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Posted by on Jan 31, 2018 in ETF Strategist, Featured

Guessing Is Not A Strategy

Guessing Is Not A Strategy

By Roger Nusbaum, AdvisorShares ETF Strategist

The Wall Street Journal had an article that noted “after sitting out most of the nearly nine-year bull market, individual investors are finally pouring in.” It cited new account data, fund flows and the popularity of investments related to cryptocurrency and cannabis. The implication of course is that this is all coincident to a top in the market.

There were gaps in the data. There was nothing to support the notion that retail investors have missed anything. The opening of new accounts doesn’t connect the dots to missing anything and the vagueness of the fund flow data could correspond to the way certain 401k plans are structured where things like employer matches or other one-time payments hit annually and are then invested.

I’m not making an argument that we’re not near a top and I am not saying there is not a lot of performance chasing occurring just that the Journal piece makes a lot of leaps and the odds are it is more complicated than how the articles lays it out.

If there was a way to track data on changes in asset allocation in retail accounts that would be useful for this discussion. I think tracking it effectively would be very difficult insofar as when you buy a fixed income ETF or commodity ETF or any other ETF that isn’t equities you still place the order as an equity. ETFs are often not categorized correctly in client accounts on the brokerage firm websites. An ETF provider surely wants to know how much money it has in each of its funds, what firms custody its funds and would want to further market to anyone using its funds for obvious financial reasons, but the mix of stocks, bonds and anything else wouldn’t have the same financial incentive for the fund company.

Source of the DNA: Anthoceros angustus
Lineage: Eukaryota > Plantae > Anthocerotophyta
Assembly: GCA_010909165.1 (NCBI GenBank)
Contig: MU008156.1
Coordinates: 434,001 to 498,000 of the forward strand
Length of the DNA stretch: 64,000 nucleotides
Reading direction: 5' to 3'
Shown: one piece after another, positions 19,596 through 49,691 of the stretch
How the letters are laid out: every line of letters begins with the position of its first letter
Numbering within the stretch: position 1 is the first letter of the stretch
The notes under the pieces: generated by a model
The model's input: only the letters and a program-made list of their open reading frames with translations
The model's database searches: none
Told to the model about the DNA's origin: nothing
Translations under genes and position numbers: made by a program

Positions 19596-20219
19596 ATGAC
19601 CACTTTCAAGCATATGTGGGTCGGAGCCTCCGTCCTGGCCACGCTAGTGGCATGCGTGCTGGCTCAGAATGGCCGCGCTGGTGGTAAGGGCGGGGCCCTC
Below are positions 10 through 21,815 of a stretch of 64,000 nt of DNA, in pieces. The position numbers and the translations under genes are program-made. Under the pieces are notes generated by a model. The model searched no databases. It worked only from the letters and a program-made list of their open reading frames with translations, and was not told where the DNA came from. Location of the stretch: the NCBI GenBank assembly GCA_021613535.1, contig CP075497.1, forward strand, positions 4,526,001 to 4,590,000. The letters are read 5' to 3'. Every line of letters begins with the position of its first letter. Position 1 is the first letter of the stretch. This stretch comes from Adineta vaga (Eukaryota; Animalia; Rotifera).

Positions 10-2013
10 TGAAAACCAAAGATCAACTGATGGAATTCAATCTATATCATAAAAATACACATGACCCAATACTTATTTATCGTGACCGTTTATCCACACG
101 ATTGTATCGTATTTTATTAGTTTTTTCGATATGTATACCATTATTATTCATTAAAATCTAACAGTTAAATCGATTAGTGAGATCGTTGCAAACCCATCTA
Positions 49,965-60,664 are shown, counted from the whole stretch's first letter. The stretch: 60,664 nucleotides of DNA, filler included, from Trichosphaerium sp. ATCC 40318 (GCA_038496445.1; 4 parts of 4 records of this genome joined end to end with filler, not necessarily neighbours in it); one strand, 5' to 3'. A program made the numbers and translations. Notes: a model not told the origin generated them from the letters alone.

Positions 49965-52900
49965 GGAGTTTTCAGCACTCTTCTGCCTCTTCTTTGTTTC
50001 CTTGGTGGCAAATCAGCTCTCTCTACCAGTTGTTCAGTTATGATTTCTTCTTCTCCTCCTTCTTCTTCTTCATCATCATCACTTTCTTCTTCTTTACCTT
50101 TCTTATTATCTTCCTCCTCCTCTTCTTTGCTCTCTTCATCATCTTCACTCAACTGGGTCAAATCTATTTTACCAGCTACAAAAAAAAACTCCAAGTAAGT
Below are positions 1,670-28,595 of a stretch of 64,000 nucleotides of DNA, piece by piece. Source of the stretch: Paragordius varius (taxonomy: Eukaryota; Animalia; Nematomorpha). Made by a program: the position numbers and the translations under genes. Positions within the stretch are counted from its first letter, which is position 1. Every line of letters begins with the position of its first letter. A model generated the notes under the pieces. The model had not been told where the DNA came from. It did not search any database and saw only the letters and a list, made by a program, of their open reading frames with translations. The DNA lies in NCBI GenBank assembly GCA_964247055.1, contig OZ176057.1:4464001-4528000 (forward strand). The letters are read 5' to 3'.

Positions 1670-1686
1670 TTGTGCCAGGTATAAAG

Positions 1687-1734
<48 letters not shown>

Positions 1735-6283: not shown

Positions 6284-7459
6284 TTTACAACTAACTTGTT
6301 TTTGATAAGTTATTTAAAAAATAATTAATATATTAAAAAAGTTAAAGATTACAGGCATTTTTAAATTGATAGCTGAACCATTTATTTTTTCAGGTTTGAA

Imagine a scenario where an investor custodies at Fidelity, they read that they can trade Bitcoin futures at Ameritrade so they open a small account to speculate on Bitcoin. It is plausible and tells you nothing about the extent to which the investor has or has not participated in the equity rally but would fit the narrative on the article of a new account opened by a retail investor.

Even if the retail investor has been in for much of the ride up, the amazing run up in equity prices, the muted volatility and willingness to speculate on things like Bitcoin and blockchain ETFs (the first two blockchain ETFs had combined assets north of $250 million as of last Friday) supports the idea of market complacency. This is somewhat contradicted by the swath of presumably smart (er) money on Twitter (depends on who you follow) who warn regularly about how over valued the market is, the long run of new highs being toppy and so on. My take all along has been and continues to be that the market shows no sign of rolling over. Jumping out now, the context being meaningful selling as opposed to trimming around the edges, would simply be guess. You’ve heard hope isn’t an investment strategy, well neither is guessing.

One final point relates to cannabis investing. Some of the reader comments on the article poked fun about getting high or being high to still be in the market. Even if you want no part of the cannabis theme, a crucial point of understanding as stated by @todd_harrison is “it is not about getting high, it is about getting well.”

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